Fuller appeals his convictions of aggravated assault, OCGA 16-5-21
(a) (2), and possession of a knife during the commission of a crime, OCGA 16-11-106
1. He first contends that the evidence is insufficient to support his conviction of the latter crime. He argues that the evidence did not show that the knife of which he was allegedly in possession had a blade of three or more inches in length, which is an element of the offense. 1
The evidence showed that Fuller choked and stabbed his former girlfriend after his attempted reconciliation with her proved unsuccessful. No knife was recovered from the scene of the crime, and the victim was the only State's witness who saw the knife. While on the stand, she was shown a knife and testified that the blade of the knife used by Fuller was longer and wider. She was not specifically asked the length of the blade he used. When the State later tendered the purported facsimile in evidence, the court sustained an objection by Fuller on grounds that it was not the knife actually used by him, and it was not necessary for the jury to view the present knife during its deliberations.
Although the knife presented was not formally admitted in evidence, it was shown to the jury and has been included in the record on appeal. An examination of it shows its blade exceeds three inches in length. Consequently, a reasonable juror could have determined, based on the victim's testimony and the juror's observation of the knife exhibited, that the knife used by Fuller had a blade exceeding the requisite length. The evidence supports the verdict. 2
2. Fuller next contends the court erred in failing to give the jury a limiting instruction contemporaneous with the admission of similar transaction testimony given by two witnesses, even though such an instruction was not requested and a limiting instruction was given in the court's general charge.
There were two similar transaction witnesses. One testified that Fuller had befriended her but that during a social visit at her house one night, he became angry when she asked him to leave and proceeded to choke and stab her. The other witness, who had been married to Fuller, testified that he accosted her at work and choked and stabbed her after she left him.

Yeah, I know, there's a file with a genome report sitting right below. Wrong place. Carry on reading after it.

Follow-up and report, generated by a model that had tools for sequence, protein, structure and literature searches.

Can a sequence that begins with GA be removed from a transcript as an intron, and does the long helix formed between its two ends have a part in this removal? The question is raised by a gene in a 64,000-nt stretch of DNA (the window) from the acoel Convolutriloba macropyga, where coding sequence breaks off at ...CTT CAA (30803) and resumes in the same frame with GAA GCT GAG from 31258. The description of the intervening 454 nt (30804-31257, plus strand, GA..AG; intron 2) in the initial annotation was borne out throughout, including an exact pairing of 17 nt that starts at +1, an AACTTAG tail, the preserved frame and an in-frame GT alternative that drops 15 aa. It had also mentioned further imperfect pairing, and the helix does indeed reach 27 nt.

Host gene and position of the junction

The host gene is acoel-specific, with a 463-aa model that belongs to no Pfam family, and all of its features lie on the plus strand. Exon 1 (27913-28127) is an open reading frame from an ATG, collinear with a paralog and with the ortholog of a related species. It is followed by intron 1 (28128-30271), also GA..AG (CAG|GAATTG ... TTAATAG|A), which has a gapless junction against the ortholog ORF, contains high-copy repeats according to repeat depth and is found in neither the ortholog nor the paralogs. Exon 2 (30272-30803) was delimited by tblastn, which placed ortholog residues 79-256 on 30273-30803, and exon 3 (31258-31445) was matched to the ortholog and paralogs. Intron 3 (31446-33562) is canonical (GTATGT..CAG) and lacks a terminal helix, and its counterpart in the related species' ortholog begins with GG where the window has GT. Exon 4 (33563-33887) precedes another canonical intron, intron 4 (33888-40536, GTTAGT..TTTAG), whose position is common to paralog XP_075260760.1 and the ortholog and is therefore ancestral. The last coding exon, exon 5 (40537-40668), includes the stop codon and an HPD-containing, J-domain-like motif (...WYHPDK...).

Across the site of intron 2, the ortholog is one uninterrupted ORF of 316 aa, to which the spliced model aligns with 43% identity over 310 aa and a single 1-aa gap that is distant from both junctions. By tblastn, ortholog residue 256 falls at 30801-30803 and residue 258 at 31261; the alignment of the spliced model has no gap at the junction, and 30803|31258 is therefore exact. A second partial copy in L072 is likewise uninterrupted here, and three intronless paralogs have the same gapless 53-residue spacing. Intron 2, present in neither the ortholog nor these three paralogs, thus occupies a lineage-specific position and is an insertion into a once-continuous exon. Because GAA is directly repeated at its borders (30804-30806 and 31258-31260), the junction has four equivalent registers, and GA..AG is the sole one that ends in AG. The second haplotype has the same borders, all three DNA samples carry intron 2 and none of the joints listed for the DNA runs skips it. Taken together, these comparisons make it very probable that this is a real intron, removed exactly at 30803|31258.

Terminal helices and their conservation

In Belt v. State, 3
a four-judge plurality of this Court held that where, pursuant to Williams v. State 4
and Stephens v. State, 5
the trial court has determined that similar transaction evidence will be admitted for a specified limited purpose, it is the court's duty, even in the absence of a request, to instruct the jury that such acts are only to be considered for that compartmentalized aspect of the case. Further, the instruction is to caution that the jury first determine whether the act in light of the limited purpose for which it is introduced was similar enough to the crime charged so that proof of the prior act tends to prove the latter crime. The plurality held that such instruction should be given "preferably" at the time the evidence is introduced and in its general charge to the jury. 6
In subsequent cases which (unlike Belt) were binding precedents, we held that a trial court commits reversible error in failing to give, sua sponte, a limiting instruction contemporaneous with the admission of similar crimes evidence. 7
This was so even where such an instruction is given in the general charge, because the confining caution is so vital to the jury's proper consideration of the evidence that it compels expression when it is introduced lest the evidence take hold generally. If not given, the risk of improper imbedding of the evidence in the jurors' minds as the trial unfolds looms great. It is merely hopeful, at best, and doubtful realistically, to expect that jurors can engineer the tooling of their minds to excise the devastating information from any influence or as a factor on elements other than the limited one or few designated. Consequently, we refused to apply the harmless error rule in Chisholm v. State. 8